Many teachers had an impact on my life. I wanted to be a teacher because of many of them, but fortunately for my would-be students, I followed a different career course. Still, I will always hold a special place in my heart for teachers. They are the quirkiest, most insane, and bravest people I know. They deserve serious respect and, in my opinion, more pay.
I actually still teach, but in the form of training and mentorship of adults. I take the task very seriously, but it can be frustrating and thankless. Because of this fact, I adopted the mantra that if I can reach or touch the life of just one person (student), then I am a success. Many of the teachers I looked up to must have felt the same way. It was easy to spot by the way they responded to those who took their classes seriously.
Many of us have one, two, or maybe a handful of teachers they remember above the rest. I can say I have many. Here’s a few:
Ms. Divine. My first grade teacher. At this point in my life, I couldn’t tell you what she looked like, how she sounded, or why I loved her so much, but I know I did. Maybe I just loved school at that age. For me to remember her name (I’m terrible with names) 32 years later, that has to be something.
Ms. Knox. My third grade teacher. This woman was the devil as far as I was concerned. She spat when she talked, we all thought she hated children, and I can remember one boy in class literally stabbing his self in the hand with a pencil to avoid going to the library with her. I failed third grade for several weeks because I refused to turn in my homework, I disliked her so much.
Note: I actually did all of the homework, I just kept stuffing it into my desk rather than turn it in. My parents and she sat at the school for about two hours one evening sorting all of the papers I pulled out of my desk once she called them about it.
Mrs. Myers. My 7th (maybe 8th) grade English/Literature teacher. This woman seemed so mean back then. She was tough. She expected a lot. She didn’t allow us to slack off for anything. I still remember her telling us one day that trash men in New York City made more than teachers in Oklahoma, yet they still chose to teach us. (I paraphrased here, but I’m sure we deserved the underlying hint that we needed to show her/them more respect.)
Come to find out, she was just one of the ones who cared the most. In fact, I follow her on Facebook—one of the only adults from my childhood that I do so with. She is a multi-published author, multiple book award winner, and has very successful children. I owe her a lot now, and I am very critical of my creative writing because of her instruction, though I didn’t fully realize it until I was an adult. There has been more than a few times I have asked myself what she would think of a certain passage. (If you read this, Mrs. Myers, thank you.) Visit her on her website at https://www.annamyers.info.
My Sophomore Geometry teacher I remember for his experiments and teaching methods. He always used green or purple ink on his tests to help keep us calm and focused. He also let us do brain games for extra credit on tests. I nearly failed his class, but my Geometry ACT score was higher than any other math score. I guess he was effective.
My Sophomore Chemistry teacher let us perform the coolest chemical experiments (probably when he knew he wouldn’t be caught.) I think he spent more time trying to keep us out of the chemical closet than he did teaching us. He left teaching after that year. We were all very sad about it.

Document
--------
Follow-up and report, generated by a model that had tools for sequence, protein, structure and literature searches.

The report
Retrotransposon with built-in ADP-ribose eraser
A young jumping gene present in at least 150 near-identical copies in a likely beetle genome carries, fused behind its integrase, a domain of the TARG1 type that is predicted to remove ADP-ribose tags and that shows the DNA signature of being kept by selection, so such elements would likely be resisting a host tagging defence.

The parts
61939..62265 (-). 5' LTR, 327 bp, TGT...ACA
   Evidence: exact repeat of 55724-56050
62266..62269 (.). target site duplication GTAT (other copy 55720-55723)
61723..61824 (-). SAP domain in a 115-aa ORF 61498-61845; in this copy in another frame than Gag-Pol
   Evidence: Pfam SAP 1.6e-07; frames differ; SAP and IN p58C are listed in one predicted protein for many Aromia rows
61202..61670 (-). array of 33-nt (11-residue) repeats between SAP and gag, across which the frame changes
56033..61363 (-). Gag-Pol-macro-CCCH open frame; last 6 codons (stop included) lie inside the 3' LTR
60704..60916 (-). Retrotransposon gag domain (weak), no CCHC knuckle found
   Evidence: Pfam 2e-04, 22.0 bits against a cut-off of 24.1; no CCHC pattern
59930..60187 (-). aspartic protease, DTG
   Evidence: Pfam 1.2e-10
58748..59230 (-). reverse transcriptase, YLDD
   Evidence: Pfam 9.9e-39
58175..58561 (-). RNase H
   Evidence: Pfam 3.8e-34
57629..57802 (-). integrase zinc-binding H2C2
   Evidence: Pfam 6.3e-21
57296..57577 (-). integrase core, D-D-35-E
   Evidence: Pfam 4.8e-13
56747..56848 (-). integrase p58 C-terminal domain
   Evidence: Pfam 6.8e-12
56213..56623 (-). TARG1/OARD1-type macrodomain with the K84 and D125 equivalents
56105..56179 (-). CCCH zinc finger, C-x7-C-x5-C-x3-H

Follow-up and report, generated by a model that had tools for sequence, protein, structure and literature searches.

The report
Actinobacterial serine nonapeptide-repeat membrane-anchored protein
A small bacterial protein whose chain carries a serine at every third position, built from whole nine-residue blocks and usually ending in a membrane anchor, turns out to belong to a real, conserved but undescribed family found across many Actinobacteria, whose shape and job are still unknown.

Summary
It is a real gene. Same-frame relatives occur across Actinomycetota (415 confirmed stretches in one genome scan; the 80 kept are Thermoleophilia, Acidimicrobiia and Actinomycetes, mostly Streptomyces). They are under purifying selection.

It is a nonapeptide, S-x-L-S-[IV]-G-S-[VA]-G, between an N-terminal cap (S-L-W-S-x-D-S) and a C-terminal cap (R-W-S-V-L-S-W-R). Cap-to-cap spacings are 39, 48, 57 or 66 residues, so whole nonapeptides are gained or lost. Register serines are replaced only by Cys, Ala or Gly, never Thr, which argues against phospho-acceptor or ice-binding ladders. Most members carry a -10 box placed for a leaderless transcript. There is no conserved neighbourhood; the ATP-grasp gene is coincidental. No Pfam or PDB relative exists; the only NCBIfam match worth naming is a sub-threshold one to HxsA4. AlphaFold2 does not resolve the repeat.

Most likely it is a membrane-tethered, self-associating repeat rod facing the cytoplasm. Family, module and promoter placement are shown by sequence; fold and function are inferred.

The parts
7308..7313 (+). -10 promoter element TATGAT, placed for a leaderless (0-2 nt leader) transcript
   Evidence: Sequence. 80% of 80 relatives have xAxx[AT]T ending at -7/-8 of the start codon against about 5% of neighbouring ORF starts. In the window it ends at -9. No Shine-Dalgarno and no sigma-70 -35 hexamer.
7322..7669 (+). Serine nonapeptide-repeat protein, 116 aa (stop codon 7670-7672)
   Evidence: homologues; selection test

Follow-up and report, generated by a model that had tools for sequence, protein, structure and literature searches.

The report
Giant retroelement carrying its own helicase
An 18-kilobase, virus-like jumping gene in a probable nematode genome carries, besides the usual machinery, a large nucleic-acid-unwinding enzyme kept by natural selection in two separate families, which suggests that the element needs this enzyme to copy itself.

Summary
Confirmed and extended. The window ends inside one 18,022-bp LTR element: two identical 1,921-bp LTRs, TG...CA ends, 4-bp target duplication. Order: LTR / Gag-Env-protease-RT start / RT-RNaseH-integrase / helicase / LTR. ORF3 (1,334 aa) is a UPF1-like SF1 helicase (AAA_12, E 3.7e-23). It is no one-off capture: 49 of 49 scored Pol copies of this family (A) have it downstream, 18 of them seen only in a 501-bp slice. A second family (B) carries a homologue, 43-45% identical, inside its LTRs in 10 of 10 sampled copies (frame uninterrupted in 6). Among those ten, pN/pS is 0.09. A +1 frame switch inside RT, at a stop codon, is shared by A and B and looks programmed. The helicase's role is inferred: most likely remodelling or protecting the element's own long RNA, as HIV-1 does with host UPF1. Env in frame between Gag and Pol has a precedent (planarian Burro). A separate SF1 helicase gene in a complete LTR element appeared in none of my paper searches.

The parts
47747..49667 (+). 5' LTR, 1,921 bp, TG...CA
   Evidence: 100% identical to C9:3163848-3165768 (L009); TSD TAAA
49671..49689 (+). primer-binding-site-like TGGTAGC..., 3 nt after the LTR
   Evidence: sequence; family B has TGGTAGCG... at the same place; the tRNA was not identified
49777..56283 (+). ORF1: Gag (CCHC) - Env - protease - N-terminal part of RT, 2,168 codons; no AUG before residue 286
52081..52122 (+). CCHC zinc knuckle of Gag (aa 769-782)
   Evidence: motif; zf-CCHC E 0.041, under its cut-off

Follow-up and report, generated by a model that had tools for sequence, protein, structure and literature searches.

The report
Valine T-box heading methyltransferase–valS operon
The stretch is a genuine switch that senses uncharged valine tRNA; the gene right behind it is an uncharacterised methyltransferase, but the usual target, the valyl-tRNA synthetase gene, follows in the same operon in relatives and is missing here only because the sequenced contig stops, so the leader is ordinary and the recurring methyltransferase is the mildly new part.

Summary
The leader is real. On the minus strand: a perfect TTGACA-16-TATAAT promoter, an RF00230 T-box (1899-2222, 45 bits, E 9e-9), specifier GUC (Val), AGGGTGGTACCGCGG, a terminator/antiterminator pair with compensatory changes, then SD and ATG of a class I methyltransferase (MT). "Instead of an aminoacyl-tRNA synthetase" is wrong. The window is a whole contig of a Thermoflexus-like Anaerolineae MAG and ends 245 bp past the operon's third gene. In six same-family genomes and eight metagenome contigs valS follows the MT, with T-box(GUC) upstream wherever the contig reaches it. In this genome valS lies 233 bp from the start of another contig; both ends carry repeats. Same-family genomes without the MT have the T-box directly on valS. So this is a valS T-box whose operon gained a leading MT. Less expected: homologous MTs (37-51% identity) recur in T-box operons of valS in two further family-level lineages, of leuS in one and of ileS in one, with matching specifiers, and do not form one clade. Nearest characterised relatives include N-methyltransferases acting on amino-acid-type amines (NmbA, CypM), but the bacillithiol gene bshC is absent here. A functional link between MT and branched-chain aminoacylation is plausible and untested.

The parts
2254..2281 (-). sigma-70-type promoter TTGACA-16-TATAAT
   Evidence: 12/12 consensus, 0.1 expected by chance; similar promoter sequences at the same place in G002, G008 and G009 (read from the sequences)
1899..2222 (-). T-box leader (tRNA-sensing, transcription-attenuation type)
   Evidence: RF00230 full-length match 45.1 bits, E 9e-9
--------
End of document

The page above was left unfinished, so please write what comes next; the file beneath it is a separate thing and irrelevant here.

My Junior Spanish II teacher. She ended up teaching us two years of Spanish in one year, as the first year teacher spent more time in the hall crying about her relationship problems than teaching us. Her husband barely spoke English, at least to us, but they always looked out for us. They took us on fun field trips, shopped for us when they went back to Mexico over the holidays… and their stories were so funny. One in particular was about them having to give their pet parrot tequila before they crossed the Mexican border so it would pass out and they could pretend it was stuffed.
My Senior Science teacher. She loved her students and had a passion for teaching. She would light up when the students actually cared about learning. I always enjoyed science, so I did my best in her class. She rewarded me by submitting me for a Science Letter and helped get me a small scholarship for college. Neither of which she was at all expected to do.
Even in college, I had a few teachers that I truly appreciated. Two examples are a Calculus TA (grad student) that once told me to “stop over thinking shit” and a Sociology instructor that lit up a cigarette in class (a non-smoking building) at the beginning of our lesson on social deviance. He was the same instructor that made me orally retake a mid-term after I bombed it on paper—without warning or preparation. Without “knowing me” he knew me well enough to understand that I knew the material but suffered from (mild) test anxiety. It’s the little lessons in life and the methods some people take to ensure you get the most of your time that are impressive beyond words.
Thank you. Truly.
To so many teachers, I owe so much thanks and gratitude for their lessons and for helping to mold me into who I am today. One day I will join their ranks and I will strive to be the one whom a contributor to this site long after I am gone writes about. So on this one day, though not enough, I say a heartfelt thank you to all teachers. You may never hear from many of your students after they leave your class, but know that there are those who want you to know that they did well because of you.
You are appreciated.